Royal Enfield: Eicher’s unconventional CEO Lal is driving firm in top gear

Not every promoter chief is a strong brand ambassador for the company. But 43-year-old Siddhartha Lal is an unconventional CEO and synonymous with the product that has made the company what it is. “Siddhartha is Eicher’s biggest asset,” says R L Ravichandran, former CEO of Royal Enfield.
Lal, the managing director and chief executive officer of Eicher Motors, was in his mid-twenties when he jumped into the family business to look after Royal Enfield, a loss-making unit. That was in 2000, when the Eicher board was about to decide on shutting down or selling the motorcycle business. He believed in the product and wanted to give it a shot.
He spent time between Chennai (where Royal Enfield’s Bullet plant is located) and the Eicher headquarters in New Delhi, taking stock of the problems. He visited several dealerships to gain customer feedback on the vehicle. The Bullet was revisited, a new engine was brought in and problems were addressed. Lal also revamped dealerships and gave the motorcycle a new look. A connect with the buyers was reinforced through company-organised rides for owners. He sold the tractor business and raised money to invest in Royal Enfield. Royal Enfield motorcycles now enjoy a waiting period of two-to-three months and wide popularity across the nation, and account for more than two-thirds of the company’s profit.
Within the span of a decade after Lal took charge, Royal Enfield’s gears had reversed: The low capacity utilisation of early 2000 was giving way to a capacity constraint. The pull of Royal Enfield motorcycles created the need for capacity expansion and the company opened a second manufacturing facility at the existing site in Tamil Nadu in 2013. Expanding its portfolio, Eicher introduced a new category of vehicle in June 2015, calling it the country’s first personal utility vehicle (PUV). Multix, the PUV, is being manufactured through a joint venture with US-based Polaris Industries and is targeted at independent businessmen.
While Eicher now has a wide portfolio that includes trucks, buses, PUVs and motorcycles, it is Royal Enfield products that stand tall in the country and within the company’s portfolio of products. The reason: In the consolidated group profit for 2015-16, 82 per cent is accounted for by Royal Enfield alone, while it accounts for just 40 per cent of the group’s revenue. In 2015-16, the company posted a 43.6 per cent growth in consolidated revenue to Rs 15,689 crore, while net profit surged 66 per cent to Rs 1,278 crore. Profits in the first three quarters (April-December) of 2016-17 also soared 57 per cent to Rs 1,117 crore.
The market has saluted this performance. Eicher’s stock price has multiplied several-fold, rewarding investors who have shown trust in the growth commitment demonstrated by the management. Eicher remains debt-free and is highly profitable. The listed company enjoys a market value of almost Rs 66,000 crore and is the second most-valued two-wheeler manufacturer in the country after Bajaj Auto.
Royal Enfield virtually rules over the whole of the country’s mid-size motorcycle market (bikes with an engine capacity ranging between 250cc and 750cc). In this segment, it has a 95 per cent market share. From a mere 52,000 motorcycles in 2012, production rocketed to over half a million units in the year ended March 2016. This is directly correlated to the widening product range under the Royal Enfield brand. The company is investing in a new greenfield manufacturing unit that will almost double annual motorcycle capacity to 900,000 units by 2018.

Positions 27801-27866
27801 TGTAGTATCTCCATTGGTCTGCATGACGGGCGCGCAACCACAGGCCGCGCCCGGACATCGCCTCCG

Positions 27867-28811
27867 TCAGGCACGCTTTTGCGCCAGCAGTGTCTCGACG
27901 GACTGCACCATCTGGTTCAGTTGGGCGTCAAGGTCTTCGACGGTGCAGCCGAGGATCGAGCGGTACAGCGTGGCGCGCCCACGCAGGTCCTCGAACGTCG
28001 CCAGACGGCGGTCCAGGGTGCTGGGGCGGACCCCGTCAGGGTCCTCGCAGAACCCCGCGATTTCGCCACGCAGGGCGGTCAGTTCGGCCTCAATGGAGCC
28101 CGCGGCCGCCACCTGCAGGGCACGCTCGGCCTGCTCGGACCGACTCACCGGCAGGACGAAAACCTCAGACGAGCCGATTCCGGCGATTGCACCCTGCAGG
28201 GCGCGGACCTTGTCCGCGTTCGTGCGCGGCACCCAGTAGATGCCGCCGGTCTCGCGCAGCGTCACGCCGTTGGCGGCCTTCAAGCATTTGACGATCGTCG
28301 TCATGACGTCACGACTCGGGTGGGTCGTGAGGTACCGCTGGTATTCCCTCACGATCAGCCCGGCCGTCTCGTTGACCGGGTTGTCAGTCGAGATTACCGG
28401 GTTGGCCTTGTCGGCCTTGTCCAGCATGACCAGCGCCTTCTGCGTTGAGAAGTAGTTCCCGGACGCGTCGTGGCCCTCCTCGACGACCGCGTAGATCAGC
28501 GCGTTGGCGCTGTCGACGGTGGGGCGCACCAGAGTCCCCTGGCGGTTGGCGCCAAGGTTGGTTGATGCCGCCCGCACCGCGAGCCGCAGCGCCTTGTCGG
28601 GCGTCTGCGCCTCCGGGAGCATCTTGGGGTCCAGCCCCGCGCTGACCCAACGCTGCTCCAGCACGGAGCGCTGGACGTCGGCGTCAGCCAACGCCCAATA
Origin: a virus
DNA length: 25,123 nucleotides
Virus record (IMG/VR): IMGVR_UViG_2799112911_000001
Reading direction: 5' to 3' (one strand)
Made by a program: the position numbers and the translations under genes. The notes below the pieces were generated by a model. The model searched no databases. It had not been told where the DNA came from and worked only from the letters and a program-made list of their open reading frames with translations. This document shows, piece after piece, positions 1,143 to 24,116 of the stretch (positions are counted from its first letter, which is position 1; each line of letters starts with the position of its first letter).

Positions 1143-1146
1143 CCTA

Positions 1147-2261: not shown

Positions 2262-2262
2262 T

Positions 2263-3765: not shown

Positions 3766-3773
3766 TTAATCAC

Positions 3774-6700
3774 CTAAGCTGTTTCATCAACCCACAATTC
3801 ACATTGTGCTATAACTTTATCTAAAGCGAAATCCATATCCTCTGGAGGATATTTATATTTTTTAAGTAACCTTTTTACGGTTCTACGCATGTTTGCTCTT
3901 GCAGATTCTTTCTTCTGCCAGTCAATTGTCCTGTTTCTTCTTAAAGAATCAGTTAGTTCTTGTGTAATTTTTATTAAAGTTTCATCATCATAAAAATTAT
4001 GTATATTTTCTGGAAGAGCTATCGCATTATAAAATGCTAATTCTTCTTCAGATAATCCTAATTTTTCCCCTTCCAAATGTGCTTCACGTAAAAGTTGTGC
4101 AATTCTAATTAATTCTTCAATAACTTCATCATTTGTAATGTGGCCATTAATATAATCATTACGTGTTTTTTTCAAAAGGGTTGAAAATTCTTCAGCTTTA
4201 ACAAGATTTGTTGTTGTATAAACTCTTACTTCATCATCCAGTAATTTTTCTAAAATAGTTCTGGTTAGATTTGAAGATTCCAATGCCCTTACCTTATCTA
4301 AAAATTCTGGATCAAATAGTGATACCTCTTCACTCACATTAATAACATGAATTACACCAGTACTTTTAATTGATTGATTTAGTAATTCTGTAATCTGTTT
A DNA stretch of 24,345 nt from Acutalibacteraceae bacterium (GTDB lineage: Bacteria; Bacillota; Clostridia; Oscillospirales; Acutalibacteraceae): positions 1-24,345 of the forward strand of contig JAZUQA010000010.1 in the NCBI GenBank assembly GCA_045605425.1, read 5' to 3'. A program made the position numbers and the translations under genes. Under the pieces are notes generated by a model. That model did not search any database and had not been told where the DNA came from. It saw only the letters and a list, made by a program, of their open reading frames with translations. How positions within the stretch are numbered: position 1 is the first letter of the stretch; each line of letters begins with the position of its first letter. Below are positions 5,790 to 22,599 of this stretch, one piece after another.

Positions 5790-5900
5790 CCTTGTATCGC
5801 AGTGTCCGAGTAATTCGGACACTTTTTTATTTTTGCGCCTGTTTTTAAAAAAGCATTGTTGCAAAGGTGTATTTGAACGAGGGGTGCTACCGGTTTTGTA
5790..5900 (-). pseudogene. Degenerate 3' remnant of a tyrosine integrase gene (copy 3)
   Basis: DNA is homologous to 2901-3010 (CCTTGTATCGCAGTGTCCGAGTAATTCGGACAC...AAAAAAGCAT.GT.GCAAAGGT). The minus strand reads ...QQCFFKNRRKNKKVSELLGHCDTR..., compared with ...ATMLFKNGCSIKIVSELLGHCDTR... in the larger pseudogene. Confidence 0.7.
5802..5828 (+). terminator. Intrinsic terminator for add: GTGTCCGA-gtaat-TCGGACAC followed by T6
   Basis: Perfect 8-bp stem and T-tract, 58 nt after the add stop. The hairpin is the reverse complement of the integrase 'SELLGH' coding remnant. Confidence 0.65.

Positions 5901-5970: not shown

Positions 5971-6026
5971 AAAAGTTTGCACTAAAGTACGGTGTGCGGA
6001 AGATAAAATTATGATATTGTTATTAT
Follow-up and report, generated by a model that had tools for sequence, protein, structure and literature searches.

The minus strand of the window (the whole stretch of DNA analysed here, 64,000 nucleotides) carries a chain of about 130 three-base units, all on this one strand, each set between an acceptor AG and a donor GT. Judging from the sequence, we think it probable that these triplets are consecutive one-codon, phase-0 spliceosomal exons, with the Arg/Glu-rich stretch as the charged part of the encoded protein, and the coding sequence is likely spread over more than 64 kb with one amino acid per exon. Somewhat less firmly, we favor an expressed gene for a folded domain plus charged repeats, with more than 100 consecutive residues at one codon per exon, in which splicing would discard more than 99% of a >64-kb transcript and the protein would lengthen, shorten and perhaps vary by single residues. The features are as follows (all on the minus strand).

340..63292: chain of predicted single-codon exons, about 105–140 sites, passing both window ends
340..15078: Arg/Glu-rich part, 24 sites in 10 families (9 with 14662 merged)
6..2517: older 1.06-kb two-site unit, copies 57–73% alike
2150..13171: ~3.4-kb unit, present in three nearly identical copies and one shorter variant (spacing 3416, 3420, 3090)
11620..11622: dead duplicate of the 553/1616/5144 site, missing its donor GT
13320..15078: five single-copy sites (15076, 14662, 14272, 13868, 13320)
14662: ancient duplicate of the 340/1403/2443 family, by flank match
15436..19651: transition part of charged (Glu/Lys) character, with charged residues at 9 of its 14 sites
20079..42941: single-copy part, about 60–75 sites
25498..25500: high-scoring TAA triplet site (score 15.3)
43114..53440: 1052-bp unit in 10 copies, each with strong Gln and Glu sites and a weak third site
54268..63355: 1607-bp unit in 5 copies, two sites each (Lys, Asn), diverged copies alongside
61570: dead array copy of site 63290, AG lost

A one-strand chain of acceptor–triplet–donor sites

Royal Enfield has been investing in building strong foundations across all areas of its business. It is investing Rs 600 crore towards product development, setting up technical centres in Chennai and Leicestershire, UK, and enhancing manufacturing capacity and market development activities across geographies. Post-demonetisation, when all top selling two-wheeler brands are posting sales declines, Royal Enfield motorcycles are reporting high double-digit growth.
This success is not limited to Indian borders. These motorcycles are exported to over 50 countries across the world, including the United States, the UK, Japan and several countries in Europe, South America and Asia. Lal’s international ambitions are the reason why he relocated to London along with his family in August 2015. He is now working to make Royal Enfield a global brand and is opening sales outlets in places like London, Paris and Madrid. While India continues to be the mainstay for Eicher, Lal believes that the next level of growth will also come from developing the international business.
The success of Royal Enfield has attracted more companies into the segment. Bajaj Auto forayed into the space in December 2016 with the launch of Dominar, but Lal is not worried. “People who like us will come to us. We will continue to work on the brand, retail and marketing. People who are part of the Royal Enfield family continue to stick to the brand. They like what we do after we sell them the motorcycle,” he said, referring to the rides and activities around the brand.
Advertisements
Royal Enfield: Eicher’s unconventional CEO Lal is driving firm in top gear

Leave a Reply

Fill in your details below or click an icon to log in:

WordPress.com Logo

You are commenting using your WordPress.com account. Log Out / Change )

Twitter picture

You are commenting using your Twitter account. Log Out / Change )

Facebook photo

You are commenting using your Facebook account. Log Out / Change )

Google+ photo

You are commenting using your Google+ account. Log Out / Change )

Connecting to %s